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Food and agricultural fairs strengthen Vermont’s local food movement

The Tunbridge World's Fair is a classic Vermont agricultural fair located in the Connecticut River Valley
The Tunbridge World's Fair is a classic Vermont agricultural fair located in the Connecticut River Valley
Stephen Doodhue, Vermont Vacation

In Vermont, Farm to Plate is the statewide initiative to grow Vermont’s farm and food economy and increase access to healthy, local food for all Vermonters. Vermonters from across the food system from farmers to educators, state government to financers are all working together to implement a statewide, ten year food system plan.

This summer, more Vermont agricultural fairs and food festivals than ever are focusing on the local food movement and therefore aligning with the Farm to Plate goals to increase local food consumption, promote local food processing, and advance agricultural and food literacy.

New to the circuit this year is the WYSIWYG (What You See Is What You Get) Festival, taking place August 23-24 at the new Burlington College campus in Burlington, Vermont. A local food festival celebrating farming, music, and art, WYSIWYG will match chefs to farms for local, farm fresh culinary explosions such as Hen of the Wood with Pete’s Green, Misery Loves Company with Butterworks Farms, and the Bluebird Group with Tangletown Farm. National touring acts and local musicians will grace the stage while a series of “edutainment” stations will be set up throughout for festival goers to learn more about Vermont’s local food movement. Beer from many of Vermont’s award winning breweries will be available throughout.

The following month, another local food festival—that was sparked as an idea at Vermont’s annual Farm to Plate Gathering last fall—will come to life on the gentle knolls of Burlington’s Oakledge Park. Being held September 19-21, Eat x NE aims to to strengthen Vermont’s local food movement by welcoming the entire community to a free, all-ages festival. Several ticketed local food events will take place throughout the weekend with the featured “Great Harvest Supper” taking place on the 21st and is being prepared by a collection of the area’s star “farm to table” style restaurants. Educational sessions will take place throughout alongside musical performance and local beer and cider booths.

New festivals are not the only ones that align with Farm to Plate goals aimed at strengthening the food system. Traditional agricultural fairs have been raising farm life and local food awareness for generations and continue to thrive as favorite summer activities in all regions of Vermont. In additional to helping the state reach Farm to Plate goals representing consumption, processing, and literacy, traditional Vermont agricultural fairs feature the state’s dairy industry—making up 65% of Vermont’s total food sales.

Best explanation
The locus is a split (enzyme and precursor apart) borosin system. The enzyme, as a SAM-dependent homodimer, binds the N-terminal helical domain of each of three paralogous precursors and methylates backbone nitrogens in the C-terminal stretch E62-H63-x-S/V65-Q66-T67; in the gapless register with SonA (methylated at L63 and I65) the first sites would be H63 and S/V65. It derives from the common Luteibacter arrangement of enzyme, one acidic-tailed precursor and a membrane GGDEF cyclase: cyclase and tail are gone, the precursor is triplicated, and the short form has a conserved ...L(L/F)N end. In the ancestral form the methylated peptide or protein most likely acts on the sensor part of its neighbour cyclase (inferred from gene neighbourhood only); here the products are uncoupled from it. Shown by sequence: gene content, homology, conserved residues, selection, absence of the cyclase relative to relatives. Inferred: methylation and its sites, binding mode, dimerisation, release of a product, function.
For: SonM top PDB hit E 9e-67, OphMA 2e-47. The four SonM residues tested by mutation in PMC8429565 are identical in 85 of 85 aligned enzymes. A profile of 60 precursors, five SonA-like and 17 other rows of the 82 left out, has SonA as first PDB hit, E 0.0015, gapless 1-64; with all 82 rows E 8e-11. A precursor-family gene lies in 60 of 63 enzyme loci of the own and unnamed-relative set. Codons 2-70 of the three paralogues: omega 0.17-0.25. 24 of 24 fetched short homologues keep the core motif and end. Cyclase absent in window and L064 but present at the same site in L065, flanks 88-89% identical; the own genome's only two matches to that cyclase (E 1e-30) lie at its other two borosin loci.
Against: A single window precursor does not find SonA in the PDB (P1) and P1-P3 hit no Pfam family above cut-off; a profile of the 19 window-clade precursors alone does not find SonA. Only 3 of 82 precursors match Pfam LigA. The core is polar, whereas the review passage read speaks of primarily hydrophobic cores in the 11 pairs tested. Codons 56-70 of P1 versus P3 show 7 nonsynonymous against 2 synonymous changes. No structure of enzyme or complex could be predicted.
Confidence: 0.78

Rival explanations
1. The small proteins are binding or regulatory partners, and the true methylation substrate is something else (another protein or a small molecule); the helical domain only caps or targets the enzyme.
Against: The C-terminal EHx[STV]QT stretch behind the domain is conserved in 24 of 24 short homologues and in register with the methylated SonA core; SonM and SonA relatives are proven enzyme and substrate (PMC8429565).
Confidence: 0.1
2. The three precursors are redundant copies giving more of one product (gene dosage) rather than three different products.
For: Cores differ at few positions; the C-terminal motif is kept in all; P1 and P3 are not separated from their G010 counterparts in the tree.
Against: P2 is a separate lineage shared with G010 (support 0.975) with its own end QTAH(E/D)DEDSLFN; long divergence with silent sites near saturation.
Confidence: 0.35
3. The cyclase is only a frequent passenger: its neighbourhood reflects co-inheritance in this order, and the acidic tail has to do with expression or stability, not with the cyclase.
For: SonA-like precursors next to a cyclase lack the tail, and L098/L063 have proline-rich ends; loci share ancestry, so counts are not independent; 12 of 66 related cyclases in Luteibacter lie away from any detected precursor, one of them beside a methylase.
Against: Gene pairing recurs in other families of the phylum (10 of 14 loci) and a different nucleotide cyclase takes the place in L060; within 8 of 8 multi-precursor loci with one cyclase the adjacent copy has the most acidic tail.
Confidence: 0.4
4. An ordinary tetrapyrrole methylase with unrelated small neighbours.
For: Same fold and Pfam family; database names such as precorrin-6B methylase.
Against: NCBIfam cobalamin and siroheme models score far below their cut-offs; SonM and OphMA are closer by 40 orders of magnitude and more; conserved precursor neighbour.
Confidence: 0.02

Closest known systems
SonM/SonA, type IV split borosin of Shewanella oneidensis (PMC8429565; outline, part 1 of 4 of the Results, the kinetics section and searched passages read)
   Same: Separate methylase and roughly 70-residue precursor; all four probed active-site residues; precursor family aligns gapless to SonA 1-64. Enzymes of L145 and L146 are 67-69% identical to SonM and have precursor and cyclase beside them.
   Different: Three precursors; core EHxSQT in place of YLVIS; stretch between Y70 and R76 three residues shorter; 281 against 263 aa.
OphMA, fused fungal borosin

The Orleans County Fair will celebrate 147 years in Barton, Vermont August 13-17. An entire area is dedicated to dairy with interactive children activities, a milking parlor with cows from some of the finest dairy herds in New England, and 4-H open shows. A cheese processing trailer, multiple farm animals, and the traditional agricultural and horticultural displays, arts and crafts, wool spinning, and antique farm machinery fill the fairgrounds with entertainment for all ages.

The 97th Deerfield Valley Farmer’s Day Exhibition is located in Wilmington, Vermont, and being held August 14-17. Fair-goers can expect a tractor pull, kid’s lawnmower rodeo, beauty pageant, and fireworks alongside community agricultural competition, education, entertainment, exhibits, and local food.

The Caledonia County Fair is considered the oldest in Vermont’s fair history. Being held August 20-24 in Lyndonville, Vermont, the Caledonia County Fair makes a statement of community traditions – both old and new. Amusement rides, 4-H exhibits, cattle, sheep, and poultry, floral and craft exhibits, maple displays, alpaca demonstrations, antique machinery demos, children’s play area, and horse, pony, and ox pulling all help portray Vermont’s working landscape through both entertainment and education while capturing both historical and more newly developed culture.

The Champlain Valley Fair first appeared in 1922 in the Essex Center however its great success meant it needed a larger space and by 1923 it was moved to its current day location. Today the fair is held at 105 Pearl Street, Essex Junction and takes place from August 22 to the 31. The attractions include seeing first hand old fashion fiber weaving on a handloom to more current day events like a Dierks Bentley concert on the Coca-Cola Grandstand.

The Vermont State Fair has been taking place in Rutland, Vermont since 1846 however it didn’t find a permanent home till 1856 where the fair still takes place today; at 175 South Main Street, Rutland. The fair runs from August 29 thru September 7. The attractions at the Vermont State Fair appeal to all crowds with events such as Rosaire Racing Pigs, Jason “White Shadow” Gibbons the basketball extraordinaire, a petting zoo, and the demolition derby.

The Tunbridge World’s Fair is four jam-packed days of traditional country fair fun from September 11 thru September 14. The fair kids off with Agriculture Education Day and is full of events for parents and children alike including, civil war re-enactors, an ox show, and a contra dancing demonstration and performance. The fun doesn’t stop till the last moment with other festivities including, the Junior Dairy show, free shows every half hour in the Northfield Savings Bank Entertainment Tent, and the swine show including agility competitions.

Learn more about Vermont agricultural events at and more about Vermont’s local food movement at

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